To the United States Senate
United States [Philadelphia]
February 22d 1793
Gentlemen of the Senate.
The nomination of the following persons to fill up the existing vacancies of Ensigns are made provisionally, to be employed, or not, as the prospect of peace, by the proposed treaty, may render it expedient.
If upon a further view of the subject, it should appear probable, that the proposed treaty would issue in a peace the services of these provisional Ensigns would not be required, and of consequence the expences attending their employment would be saved—But, if the war must progress, their services may be necessary, at a time when the Senate may not be in session, to advise and consent to their appointment;1 under these circumstances, I nominate the following persons to be Ensigns.
|John Lamson||New Hampshire.|
|Francis Johnson4||New York|
|Garret Voorhees||New Jersey|
|Charles Lewis||do Some of these|
|Levi McLane5||do acting as|
|Richard Butler||do Cadets.|
|Ferdinand Leigh Claiborne||Virginia.|
|George Lee Davidson||North Carolina.|
|John Bradshaw||Acting as|
|John Brick6||Serjeant Major: 1st Sub Legion.|
LS, DNA: RG 46, Second Congress, 1791–1793, Senate Records of Executive Proceedings, President’s Messages—Executive Nominations; LB, DLC:GW.
1. The provisional nature of these appointments was likely due to recent unsuccessful efforts in Congress to reduce the size of the army (Journal of the House description begins The Journal of the House of Representatives: George Washington Administration 1789–1797. Edited by Martin P. Claussen. 9 vols. Wilmington, Del., 1977. description ends , 5:63, 72–73). In a letter to Gen. Anthony Wayne of 9 Mar. 1793, Henry Knox warned the general that “The provisional Ensigns are not to be called into service until further orders, the manner of their nomination and consent of the Senate render that this measure should be rigidly adhered to” (Knopf, Wayne, description begins Richard C. Knopf, ed. Anthony Wayne, a Name in Arms: Soldier, Diplomat, Defender of Expansion Westward of a Nation; The Wayne-Knox-Pickering-McHenry Correspondence. Pittsburgh, 1960. description ends 202). In a letter to Wayne of 16 Mar., Knox suggested that “perhaps a month, or two will make a difference upon this subject” (ibid., 204). However, when Wayne complained that many companies lacked commissioned officers of any kind, including ensigns, Knox promised to appeal to the president, which he did on 8 April (Knox to Wayne, 30 Mar., ibid., 207; Knox to GW, 8 April, and note 2). For GW’s decision and opinion on commissioning the provisional ensigns, see GW to Knox, 12 April 1793. On 23 Feb. the U.S. Senate approved all of the appointees on this list, and Knox sent “the copies of the nominations” to GW’s secretary Tobias Lear (Executive Journal, description begins Journal of the Executive Proceedings of the Senate of the United States of America: From the commencement of the First, to the termination of the Nineteenth Congress. Vol. 1. Washington, D.C., 1828. description ends 1:134; Knox to Lear, 23 Feb. 1793, DLC:GW).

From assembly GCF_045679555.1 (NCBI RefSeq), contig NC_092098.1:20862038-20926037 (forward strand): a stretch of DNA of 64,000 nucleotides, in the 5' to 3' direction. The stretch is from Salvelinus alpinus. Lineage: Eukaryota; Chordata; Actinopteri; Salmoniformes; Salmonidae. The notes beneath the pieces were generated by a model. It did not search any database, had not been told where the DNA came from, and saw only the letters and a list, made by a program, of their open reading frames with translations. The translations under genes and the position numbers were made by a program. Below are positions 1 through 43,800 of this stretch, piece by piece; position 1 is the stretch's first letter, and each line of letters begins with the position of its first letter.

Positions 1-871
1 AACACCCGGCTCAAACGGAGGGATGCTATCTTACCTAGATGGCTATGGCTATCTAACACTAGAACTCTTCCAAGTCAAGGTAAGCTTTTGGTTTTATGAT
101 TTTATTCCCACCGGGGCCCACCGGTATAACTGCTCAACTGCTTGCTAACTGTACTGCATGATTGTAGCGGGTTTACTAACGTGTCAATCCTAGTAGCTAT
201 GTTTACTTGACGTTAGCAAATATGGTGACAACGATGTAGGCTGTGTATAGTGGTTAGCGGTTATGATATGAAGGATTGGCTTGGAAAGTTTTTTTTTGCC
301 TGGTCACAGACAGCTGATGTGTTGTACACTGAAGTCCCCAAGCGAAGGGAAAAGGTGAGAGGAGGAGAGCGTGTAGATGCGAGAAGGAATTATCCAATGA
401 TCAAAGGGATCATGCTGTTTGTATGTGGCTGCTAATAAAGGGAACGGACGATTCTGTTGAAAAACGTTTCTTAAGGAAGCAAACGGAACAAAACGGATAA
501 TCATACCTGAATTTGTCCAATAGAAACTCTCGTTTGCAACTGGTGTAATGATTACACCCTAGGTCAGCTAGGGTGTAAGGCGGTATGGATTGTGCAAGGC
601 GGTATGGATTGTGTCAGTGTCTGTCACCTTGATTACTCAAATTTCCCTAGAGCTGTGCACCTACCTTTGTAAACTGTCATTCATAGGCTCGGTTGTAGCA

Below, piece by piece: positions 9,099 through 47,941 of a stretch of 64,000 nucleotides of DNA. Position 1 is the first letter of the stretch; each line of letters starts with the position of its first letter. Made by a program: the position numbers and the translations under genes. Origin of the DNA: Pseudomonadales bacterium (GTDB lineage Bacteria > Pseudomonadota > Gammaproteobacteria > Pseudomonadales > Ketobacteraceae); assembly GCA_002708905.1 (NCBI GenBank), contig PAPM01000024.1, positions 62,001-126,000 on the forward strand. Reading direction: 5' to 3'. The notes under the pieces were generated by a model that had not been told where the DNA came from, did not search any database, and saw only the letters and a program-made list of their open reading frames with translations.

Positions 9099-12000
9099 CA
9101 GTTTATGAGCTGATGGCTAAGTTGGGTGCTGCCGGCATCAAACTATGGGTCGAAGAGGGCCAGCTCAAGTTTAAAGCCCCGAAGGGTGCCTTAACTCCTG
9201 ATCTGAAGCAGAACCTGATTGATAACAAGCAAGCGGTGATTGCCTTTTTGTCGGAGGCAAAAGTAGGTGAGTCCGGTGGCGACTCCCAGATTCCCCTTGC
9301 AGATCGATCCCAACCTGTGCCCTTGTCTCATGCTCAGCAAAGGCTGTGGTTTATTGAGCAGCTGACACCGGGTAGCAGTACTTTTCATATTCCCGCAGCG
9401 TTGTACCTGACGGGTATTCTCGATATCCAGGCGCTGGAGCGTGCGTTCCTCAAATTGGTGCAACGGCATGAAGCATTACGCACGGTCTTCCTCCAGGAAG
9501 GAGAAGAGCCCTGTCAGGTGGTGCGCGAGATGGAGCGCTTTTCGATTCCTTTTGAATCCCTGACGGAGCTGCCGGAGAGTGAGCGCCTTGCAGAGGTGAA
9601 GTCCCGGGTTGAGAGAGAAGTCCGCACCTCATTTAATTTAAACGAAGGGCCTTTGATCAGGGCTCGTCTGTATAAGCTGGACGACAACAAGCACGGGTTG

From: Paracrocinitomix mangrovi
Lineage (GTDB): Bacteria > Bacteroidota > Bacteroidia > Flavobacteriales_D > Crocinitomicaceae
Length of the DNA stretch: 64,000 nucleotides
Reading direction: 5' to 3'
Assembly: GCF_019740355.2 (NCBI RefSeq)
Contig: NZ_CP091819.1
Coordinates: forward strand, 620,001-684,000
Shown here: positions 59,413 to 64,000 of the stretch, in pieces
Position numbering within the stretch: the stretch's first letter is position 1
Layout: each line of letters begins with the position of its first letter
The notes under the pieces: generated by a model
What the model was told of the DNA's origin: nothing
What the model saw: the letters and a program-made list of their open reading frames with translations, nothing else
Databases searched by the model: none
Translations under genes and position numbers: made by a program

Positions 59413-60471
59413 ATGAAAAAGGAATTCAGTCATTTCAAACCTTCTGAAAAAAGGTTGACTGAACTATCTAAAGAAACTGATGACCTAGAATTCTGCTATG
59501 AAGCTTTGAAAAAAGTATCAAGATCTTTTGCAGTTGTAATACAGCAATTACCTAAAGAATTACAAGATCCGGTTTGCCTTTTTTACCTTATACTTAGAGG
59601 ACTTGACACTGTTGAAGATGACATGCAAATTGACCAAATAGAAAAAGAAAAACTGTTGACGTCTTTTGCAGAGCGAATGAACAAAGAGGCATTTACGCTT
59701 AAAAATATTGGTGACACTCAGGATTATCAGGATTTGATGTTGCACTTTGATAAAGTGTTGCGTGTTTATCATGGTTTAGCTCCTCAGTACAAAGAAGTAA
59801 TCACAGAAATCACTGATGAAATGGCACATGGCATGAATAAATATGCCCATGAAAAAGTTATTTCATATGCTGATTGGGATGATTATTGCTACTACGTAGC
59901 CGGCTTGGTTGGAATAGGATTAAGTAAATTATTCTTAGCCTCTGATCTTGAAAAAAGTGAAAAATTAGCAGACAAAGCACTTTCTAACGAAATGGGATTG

2. Probably meant to be Levi Howe (Burton, “General Wayne’s Orderly Book,” description begins C. M. Burton, ed. “General Wayne’s Orderly Book.” Collections and Researches Made by the Michigan Pioneer and Historical Society, 34 (1904): 341–733. description ends 483).
3. The letter-book copy correctly lists this name as “Nathan” (see also ibid.).
4. Perhaps more commonly known as Francis Johnston (ibid., 415).
5. Levi McLean’s name was spelled in a variety of ways, including McClane, McClain, and McClean (ibid., 481, 484, 522).
6. More commonly known as John Breck (ibid., 460, 584).